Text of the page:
I am already anticipating decent reviews for Sonic Syndicate, Wednesday 13, and Amberian Dawn as they all seem to have some consistency with their releases. Mind you, this will mark the first album not featuring Sonic Syndicate members Richard and Roger Sjunnesson. For long time fans,. that might be a deal breaker. Bonus that Wednesday 13's is an acoustic one!
"This new full length CD finds Wednesday 13 revisiting songs from his entire catalogue acoustically. Including NEW acoustic versions of: Haunt Me, God is A Lie, We All Die, Evil Is Good, Dead Carolina, Ghost Stories and more." -Wednesday 13 (press release)
(Sonic Syndicate - Sonic Syndicate)
Sonic Syndicate feels like a more driven band overall. Whether it was the subsequent downsizing of the band members in the band when they returned from hiatus or a new outlook on how to deliver the same idea with better results, tracks like “My Revenge” with its pummeling pace and the more traditional sounding ballads that pop up throughout like “Unbreakable” give the band a stronger stance. A guest spot from Soilwork’s Speed Strid certainly helps on “Before You Finally Break” with pushing their new sound forward. The performances are stronger (especially the riffs which are all around much more memorable) and the writing feels less formulaic. This is what Sonic Syndicate should have been sounding like almost a decade ago. -Metal Observer
(Wednesday 13 - Undead Unplugged)
(*While this is a live show review and there are no album reviews yet, it gives some insight into the "Undead Unplugged" album*)
A lot of work has gone in to translate even his heaviest, fist-in-the-air tracks to acoustic guitar, in some cases getting as loud a racket out of the guitar as possible, at least without smashing the instrument nor growling his throat red raw, but Wednesday sounds very relaxed and sentimental in telling tales of song origins. -Nick Pollard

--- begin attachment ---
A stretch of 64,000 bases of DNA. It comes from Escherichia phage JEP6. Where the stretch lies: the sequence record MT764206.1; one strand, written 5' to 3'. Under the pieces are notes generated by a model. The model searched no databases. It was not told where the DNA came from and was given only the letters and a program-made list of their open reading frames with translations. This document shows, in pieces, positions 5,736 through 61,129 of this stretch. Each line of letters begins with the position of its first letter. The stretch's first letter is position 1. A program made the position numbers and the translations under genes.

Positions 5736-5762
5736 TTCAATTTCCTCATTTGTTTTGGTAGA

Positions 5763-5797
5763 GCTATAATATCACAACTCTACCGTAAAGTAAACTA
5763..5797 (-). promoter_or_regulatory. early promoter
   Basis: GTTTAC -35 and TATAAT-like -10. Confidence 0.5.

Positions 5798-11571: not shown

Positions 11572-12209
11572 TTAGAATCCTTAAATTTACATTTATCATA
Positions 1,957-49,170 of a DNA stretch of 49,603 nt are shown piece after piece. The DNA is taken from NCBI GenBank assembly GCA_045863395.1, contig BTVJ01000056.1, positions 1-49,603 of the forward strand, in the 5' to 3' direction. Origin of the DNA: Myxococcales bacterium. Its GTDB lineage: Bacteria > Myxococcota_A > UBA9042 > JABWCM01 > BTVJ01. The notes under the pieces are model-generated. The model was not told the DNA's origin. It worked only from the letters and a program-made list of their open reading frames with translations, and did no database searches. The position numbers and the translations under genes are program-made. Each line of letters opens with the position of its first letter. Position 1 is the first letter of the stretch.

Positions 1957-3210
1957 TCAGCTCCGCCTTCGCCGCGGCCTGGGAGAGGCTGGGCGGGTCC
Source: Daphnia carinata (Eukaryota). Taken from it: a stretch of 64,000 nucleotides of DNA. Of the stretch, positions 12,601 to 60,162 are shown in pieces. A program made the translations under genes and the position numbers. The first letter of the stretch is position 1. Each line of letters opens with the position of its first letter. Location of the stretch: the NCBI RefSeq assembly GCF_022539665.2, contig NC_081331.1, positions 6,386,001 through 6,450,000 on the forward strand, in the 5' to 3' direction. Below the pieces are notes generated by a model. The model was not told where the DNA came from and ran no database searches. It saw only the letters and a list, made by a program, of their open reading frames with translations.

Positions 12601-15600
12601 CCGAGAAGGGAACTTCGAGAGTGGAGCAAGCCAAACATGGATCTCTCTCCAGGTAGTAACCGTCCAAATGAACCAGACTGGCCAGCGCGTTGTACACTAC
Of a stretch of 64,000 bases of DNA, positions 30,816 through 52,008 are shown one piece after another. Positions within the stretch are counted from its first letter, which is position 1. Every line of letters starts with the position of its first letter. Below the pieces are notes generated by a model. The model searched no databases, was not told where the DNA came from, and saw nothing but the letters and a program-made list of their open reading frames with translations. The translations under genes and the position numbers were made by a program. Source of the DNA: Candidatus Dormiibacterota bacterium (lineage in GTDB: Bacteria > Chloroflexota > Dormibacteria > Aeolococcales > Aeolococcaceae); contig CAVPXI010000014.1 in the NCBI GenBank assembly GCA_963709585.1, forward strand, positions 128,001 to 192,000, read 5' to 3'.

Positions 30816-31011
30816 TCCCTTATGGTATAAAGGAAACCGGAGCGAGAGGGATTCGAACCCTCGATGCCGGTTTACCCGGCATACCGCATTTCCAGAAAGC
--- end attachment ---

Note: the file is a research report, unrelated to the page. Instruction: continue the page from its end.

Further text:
(Amberian Dawn - Magic Forest)
That's not to say that the whole of the album is average, only that it has all the elements of the genre, wrapped in good arrangements, and played well. In other words, it's standard stuff. But, as with Son of Rainbow, AD is always better when the temper songs with groove and simple catchy accessibility, with Dance of Life and Cherish My Memory being best examples. They also do better when they put a bit more complexity into their arrangements, leaning more towards progressive metal. You might here some of this within Agonizing Night or I'm Still Here. AD stumbles slightly with Memorial, where they pair Capri with a male vocalist. Thankfully, it's not some death metal moron. Rather, it's some operatic singer who doesn't compliment Capri one bit and sounds totally out of his element. Otherwise, Magic Forest is a strong return to form for the band, and suggests, with their new singer, more and better things are ahead for the band. -Danger Dog
Being that the time has come from rural folks to unite and meet up for a week long party session like the Calgary Stampede, I thought to throw in a country album here. While being new to Blackhawk (and yes, I know they have been on the scene for a loooong time now), I enjoyed the previews I heard online so this will make a good recommendation for any friends out west. And who can forget about Uncle Ted Nugent? The guy who brought you hits like "Cat Scratch Fever", "Stranglehold", and "Fred Bear" is always good for a round of brews and goes along quite well with bull riding. ;-)